08:23 AM

Momentum - Leading the way

Challenge 2025 is an ambitious five-year Mohawk initiative to tackle poverty, skills shortages and under-education in a post-pandemic economy

The access to education offered to marginalized people by Mohawk College’s City School has been transformational at the individual, family, neighbourhood and city levels.

With Challenge 2025, Mohawk aspires to amplify, accelerate and scale the effects of City School by providing tuition-free training for vulnerable populations that leads to family-sustaining jobs with employers in need of labour.

The vision is to see the model adopted by postsecondary institutions across the country.

At its heart, Challenge 2025 tackles poverty, barriers to education, labour shortages, neighbourhood decline and post-pandemic economic recovery by building communitywide partnerships.

Challenge 2025 is aimed at reversing the fortunes of those living in low-income neighbourhoods, along with those thrown out of work by disruptive technologies or by the downturn caused by COVID-19.

The regional goal is to provide pathways to college for 4,000 people and build partnerships with 100 employers facing labour shortages.

The college assembled a taskforce of leaders to forge the next level of the City School strategy. It was chaired by Mohawk President Ron McKerlie and Bill Young, President of Social Capital Partners, a catalyst for publicprivate partnerships to address poverty and joblessness.

The taskforce completed its work in August.

“We are very pleased that we are gaining traction with people who believe in what we’re doing with City School and Challenge 2025. We want to make a larger impact by amplifying this locally and across the country,” said McKerlie.

A proven model

Since its launch in 2015, City School has served close to 600 people in marginalized communities, offering more than 100 credit courses at 10 community sites and two mobile units.

City School has been proven to remove barriers to postsecondary education; mitigate growing skills gaps; and create stronger and more resilient neighbourhoods by breaking cycles of under-education and unemployment.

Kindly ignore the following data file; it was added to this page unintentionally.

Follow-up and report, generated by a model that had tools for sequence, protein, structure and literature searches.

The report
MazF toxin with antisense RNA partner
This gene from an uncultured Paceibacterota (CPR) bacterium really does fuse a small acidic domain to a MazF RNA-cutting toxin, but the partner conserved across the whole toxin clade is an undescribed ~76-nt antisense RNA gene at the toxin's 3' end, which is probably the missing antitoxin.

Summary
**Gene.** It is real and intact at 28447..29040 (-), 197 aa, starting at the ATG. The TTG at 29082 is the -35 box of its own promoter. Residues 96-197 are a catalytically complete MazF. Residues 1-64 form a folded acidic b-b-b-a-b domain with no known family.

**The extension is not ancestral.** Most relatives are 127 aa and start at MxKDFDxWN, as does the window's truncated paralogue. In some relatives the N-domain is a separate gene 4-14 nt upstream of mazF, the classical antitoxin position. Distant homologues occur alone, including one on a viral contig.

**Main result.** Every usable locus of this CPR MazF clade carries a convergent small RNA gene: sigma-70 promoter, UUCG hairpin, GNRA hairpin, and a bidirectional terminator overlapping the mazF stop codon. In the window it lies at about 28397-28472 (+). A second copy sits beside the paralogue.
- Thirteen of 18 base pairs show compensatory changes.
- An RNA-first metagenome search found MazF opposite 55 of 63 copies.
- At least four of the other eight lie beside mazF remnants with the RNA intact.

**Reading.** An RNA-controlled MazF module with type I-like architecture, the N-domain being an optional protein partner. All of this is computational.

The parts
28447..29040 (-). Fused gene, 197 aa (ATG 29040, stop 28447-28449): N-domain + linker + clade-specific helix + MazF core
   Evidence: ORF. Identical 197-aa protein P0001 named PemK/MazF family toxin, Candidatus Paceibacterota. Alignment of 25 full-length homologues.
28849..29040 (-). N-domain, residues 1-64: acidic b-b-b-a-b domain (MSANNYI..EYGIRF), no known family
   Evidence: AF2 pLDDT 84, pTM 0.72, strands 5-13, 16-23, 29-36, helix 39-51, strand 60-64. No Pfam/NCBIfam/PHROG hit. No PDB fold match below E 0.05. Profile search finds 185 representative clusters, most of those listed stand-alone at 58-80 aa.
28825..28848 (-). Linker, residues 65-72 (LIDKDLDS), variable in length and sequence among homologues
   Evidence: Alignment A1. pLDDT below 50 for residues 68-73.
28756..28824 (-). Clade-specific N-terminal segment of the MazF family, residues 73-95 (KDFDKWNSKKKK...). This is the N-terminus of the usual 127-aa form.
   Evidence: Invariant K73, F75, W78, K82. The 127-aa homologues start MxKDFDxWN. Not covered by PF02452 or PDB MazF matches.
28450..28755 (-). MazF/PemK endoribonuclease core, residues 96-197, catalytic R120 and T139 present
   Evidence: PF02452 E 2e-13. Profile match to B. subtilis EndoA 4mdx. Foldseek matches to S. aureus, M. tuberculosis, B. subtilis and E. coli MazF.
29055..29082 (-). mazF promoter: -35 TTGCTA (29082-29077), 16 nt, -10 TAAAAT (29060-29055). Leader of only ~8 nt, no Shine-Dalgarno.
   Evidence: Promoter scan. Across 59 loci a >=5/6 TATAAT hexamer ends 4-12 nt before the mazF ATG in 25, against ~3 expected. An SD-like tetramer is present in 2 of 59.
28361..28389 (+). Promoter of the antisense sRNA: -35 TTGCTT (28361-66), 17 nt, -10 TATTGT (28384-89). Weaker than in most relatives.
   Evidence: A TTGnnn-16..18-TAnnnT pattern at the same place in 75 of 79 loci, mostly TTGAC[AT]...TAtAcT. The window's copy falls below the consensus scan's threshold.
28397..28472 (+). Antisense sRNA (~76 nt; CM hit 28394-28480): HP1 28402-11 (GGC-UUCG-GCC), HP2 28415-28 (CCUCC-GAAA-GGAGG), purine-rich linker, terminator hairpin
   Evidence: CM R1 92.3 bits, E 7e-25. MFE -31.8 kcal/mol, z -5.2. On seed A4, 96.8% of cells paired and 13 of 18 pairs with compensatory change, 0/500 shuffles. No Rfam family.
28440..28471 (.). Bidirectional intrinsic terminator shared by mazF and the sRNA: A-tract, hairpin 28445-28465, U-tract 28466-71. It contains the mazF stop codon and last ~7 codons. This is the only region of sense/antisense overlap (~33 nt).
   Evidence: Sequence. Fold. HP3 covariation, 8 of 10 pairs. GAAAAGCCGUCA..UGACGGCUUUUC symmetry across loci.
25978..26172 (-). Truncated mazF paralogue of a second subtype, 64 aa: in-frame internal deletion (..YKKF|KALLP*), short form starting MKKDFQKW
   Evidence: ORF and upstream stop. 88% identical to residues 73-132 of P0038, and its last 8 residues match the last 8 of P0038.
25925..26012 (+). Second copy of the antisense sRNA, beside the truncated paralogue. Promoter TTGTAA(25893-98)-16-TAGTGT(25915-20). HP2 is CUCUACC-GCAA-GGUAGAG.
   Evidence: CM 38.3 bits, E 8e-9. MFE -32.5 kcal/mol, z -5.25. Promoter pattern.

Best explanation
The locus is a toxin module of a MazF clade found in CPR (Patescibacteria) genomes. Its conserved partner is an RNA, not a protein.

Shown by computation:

“Education leads to family-supporting jobs and the economic independence that many aspire to but haven’t been able to achieve,” said Jim Vanderveken, Dean of the Centre for Community Partnerships and Experiential Learning.

“We know City School has been a catalyst for the transformation of learners’ lives, so we’re now focused on building greater collective impact and increasing capacity. The work is underway to create systemic change.”

Mohawk is investing in a rapid skills training team and an innovation fund to support research and to develop a replication model for other institutions to implement.

The college is leveraging that investment to access government funding and is embarking on a campaign to secure financial support through partnerships with local donors and national foundations.

Demand-led model

Challenge 2025 is centred around a demandled workforce development model that responds directly to the needs of employers.

“The approach is that employers define the skills and competencies they require in their workforce, and we reverse-engineer the plan to deliver them,” said McKerlie.

Challenge 2025 is now in the hands of a community stewardship committee that will determine governance, lead strategic planning, and evaluate progress. A secretariat led by Emily Ecker, Associate Dean of Community Partnerships and Learning, will implement strategies, build partnerships, and govern a pilot to bring City School to three Canadian colleges.

The secretariat will also explore opportunities for industry-specific training initiatives.

The first is a City School training program for the supply chain sector that will serve an initial group of 144 people who receive Ontario Works social assistance, as well as newcomers and youth. That is funded by a $1.95 million grant from the Future Skills Centre.

When the vision of Challenge 2025 is realized, it will be one of the highlights of his 40-year career, says McKerlie. He shared the story of one City School graduate, a second-generation Ontario Works recipient who was getting her first job. She told McKerlie, with tears in her eyes, that her son had just enrolled at Mohawk. That would have never happened without what City School had done for her, she said.

Her story has stuck with McKerlie. “This is making a significant difference in people’s lives and there is no greater legacy than that.”

Success story

Chiamaka Maduike (pictured) says City School has set her on a path to fulfil her dream of becoming a registered nurse.

A native of Nigeria, she joined her husband in Canada in January. Just a month later, she was taking the Foundations 1: Personal Support Worker credit course.

“After a few classes, I found out I have a heart to help people,” said Maduike, who is now employed at Thrive Group’s AbleLiving York Project, which provides supports to individuals with physical disabilities in an apartment setting.

“City School has prepared me mentally, physically and emotionally for the task ahead. I feel prepared for the nursing program and I know what’s expected of me.”

For Jacob Wolsey, 19, City School’s College 101 preparatory course and PSW foundations course, has led to both studying at college and employment as a personal attendant.

“City School is a great opportunity. It’s a beneficial thing for students who are thinking about going to college.”